Binance’s philanthropic arm, the eponymous Binance charity, has donated £50,000 ($61,611) worth of KN95 face masks to the UK National Health Service (NHS) as part of its “Crypto Against COVID” campaign.
All 27,000 of the KN95 masks will go to The Princess Royal University Hospital—one of London’s key teaching hospitals.
“We’d like to thank Binance for being a strong member of our community and contributing to the fight against COVID-19,” said Dr Tarun Singhal, Senior Surgeon at Princess Royal University Hospital. “We hope this contribution will inspire other technology firms in London to contribute to our community as well.”
The donations will likely come as a welcome surprise. Since the coronavirus outbreak, supplies of personal protection equipment (PPE) have been slim. To make matters worse, the UK government has been accused of failing to stockpile PPE in late January as the pandemic progressed in China. A paper published by the National Audit Office (NAO) earlier this month, revealed that the failure to stockpile led to a significant shortage of PPE for front line workers in the UK.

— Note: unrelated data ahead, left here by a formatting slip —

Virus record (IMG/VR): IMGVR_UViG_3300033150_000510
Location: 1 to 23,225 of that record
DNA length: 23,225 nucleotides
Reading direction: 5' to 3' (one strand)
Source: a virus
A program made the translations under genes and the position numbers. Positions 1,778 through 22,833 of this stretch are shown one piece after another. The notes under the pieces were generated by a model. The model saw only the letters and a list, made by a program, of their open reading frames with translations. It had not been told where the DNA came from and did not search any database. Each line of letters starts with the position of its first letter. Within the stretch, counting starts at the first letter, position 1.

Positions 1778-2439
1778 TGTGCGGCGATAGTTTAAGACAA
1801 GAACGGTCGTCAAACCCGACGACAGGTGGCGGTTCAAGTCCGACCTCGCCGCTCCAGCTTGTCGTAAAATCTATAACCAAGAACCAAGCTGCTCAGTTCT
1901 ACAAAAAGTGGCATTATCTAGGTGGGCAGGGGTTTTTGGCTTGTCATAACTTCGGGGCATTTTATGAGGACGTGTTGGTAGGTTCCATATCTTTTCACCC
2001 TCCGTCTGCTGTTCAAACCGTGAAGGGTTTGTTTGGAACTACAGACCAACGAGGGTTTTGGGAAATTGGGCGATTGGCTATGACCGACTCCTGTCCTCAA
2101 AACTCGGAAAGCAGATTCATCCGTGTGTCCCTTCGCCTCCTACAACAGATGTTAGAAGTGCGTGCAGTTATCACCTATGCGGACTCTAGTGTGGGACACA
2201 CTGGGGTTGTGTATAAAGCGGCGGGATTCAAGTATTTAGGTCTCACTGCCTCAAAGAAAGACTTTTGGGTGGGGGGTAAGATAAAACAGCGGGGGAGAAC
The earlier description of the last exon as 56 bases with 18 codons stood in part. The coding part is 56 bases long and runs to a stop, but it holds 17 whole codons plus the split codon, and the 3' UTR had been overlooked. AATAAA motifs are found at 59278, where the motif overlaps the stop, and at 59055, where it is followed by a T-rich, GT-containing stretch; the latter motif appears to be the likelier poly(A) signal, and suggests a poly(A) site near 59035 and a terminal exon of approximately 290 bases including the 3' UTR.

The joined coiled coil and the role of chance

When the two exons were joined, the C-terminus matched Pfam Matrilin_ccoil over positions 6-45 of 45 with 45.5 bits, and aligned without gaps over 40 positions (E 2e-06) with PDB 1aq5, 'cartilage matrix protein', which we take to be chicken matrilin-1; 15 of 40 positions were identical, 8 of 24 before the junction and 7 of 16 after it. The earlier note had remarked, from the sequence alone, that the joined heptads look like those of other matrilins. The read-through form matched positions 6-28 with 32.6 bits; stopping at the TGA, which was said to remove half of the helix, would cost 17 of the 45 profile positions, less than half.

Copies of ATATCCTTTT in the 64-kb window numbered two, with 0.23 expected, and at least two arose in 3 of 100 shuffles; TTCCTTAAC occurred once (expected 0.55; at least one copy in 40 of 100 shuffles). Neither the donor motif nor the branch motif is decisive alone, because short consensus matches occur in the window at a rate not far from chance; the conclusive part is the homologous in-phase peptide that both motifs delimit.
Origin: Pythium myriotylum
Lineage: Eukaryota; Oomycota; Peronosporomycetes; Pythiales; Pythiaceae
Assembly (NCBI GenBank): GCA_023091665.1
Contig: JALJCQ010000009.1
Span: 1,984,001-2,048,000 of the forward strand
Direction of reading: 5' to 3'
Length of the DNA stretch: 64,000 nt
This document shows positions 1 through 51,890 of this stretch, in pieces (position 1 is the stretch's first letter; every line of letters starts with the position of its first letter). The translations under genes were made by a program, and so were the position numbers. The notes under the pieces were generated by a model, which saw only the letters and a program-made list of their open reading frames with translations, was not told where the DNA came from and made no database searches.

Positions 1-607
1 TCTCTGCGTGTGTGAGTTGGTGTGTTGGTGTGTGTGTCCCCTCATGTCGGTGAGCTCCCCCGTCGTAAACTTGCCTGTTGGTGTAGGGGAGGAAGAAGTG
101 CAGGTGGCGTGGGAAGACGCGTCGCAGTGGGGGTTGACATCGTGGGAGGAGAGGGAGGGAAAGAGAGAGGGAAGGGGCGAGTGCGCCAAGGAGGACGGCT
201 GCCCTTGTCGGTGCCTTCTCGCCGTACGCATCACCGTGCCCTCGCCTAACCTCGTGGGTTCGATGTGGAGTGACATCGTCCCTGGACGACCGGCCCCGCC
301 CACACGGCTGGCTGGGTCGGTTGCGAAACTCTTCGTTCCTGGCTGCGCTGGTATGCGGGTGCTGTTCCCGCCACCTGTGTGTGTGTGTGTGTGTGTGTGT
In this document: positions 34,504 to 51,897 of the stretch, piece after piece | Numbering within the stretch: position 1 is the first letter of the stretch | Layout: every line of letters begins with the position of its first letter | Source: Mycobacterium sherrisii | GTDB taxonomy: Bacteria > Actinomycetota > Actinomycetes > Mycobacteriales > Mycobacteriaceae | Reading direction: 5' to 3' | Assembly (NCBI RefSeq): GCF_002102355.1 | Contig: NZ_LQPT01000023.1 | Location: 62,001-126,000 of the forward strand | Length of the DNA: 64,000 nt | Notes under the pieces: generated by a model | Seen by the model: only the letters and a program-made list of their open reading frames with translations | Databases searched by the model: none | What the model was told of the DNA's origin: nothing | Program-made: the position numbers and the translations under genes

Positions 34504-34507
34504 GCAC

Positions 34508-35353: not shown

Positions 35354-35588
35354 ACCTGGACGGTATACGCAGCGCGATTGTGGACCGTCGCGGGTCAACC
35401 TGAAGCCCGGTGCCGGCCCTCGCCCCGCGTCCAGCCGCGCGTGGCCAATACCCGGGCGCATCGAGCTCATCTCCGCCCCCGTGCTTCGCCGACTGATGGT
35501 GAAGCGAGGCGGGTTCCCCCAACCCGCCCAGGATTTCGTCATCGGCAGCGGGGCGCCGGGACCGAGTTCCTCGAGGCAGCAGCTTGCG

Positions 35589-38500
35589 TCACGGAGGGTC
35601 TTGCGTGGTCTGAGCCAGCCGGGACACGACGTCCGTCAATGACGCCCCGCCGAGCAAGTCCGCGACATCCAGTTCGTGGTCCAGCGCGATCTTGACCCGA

“This crisis has strained medical institutions around the world,” explained Binance founder and CEO Changpeng Zhao. “Binance Charity has responded and provided valuable supplies to ensure the health and safety of medical workers. Binance will continue to be a force for good wherever it is needed.”
Launched in March, the “Crypto Against COVID” campaign, spearheaded by Binance Charity, aims to facilitate over $4 million donations to coronavirus struck areas all over the world. Striving to show that the charity sector can be transparent, the campaign notifies donors every step of the way, from informing on mask manufacturers to photo evidence of healthcare workers receiving the PPE.
But the donation seems to go against government guidance. Earlier this month, the UK watchdog for health and safety issued an alert warning against the use of KN95 masks as PPE.
SAFETY ALERT about KN95 face masks: A substantial number of face masks, claiming to be of a KN95 standard, provide an inadequate level of protection and may be accompanied by fake or fraudulent paperwork. Read the full alert -> https://t.co/0Altov6JxK pic.twitter.com/4eUlO8Mui1
— Health and Safety Executive (@H_S_E) June 11, 2020
According to the watchdog, while their performance is broadly similar to the EU standard, products manufactured to KN95 specifications rely on a self-declaration of safety. In other words, there is no independent certification for the quality of KN95—something which has led to bogus masks flooding the market.
The number of confirmed UK cases of coronavirus have now hit 300,000, but with just 1,000 new cases per day, the impact of the virus is declining.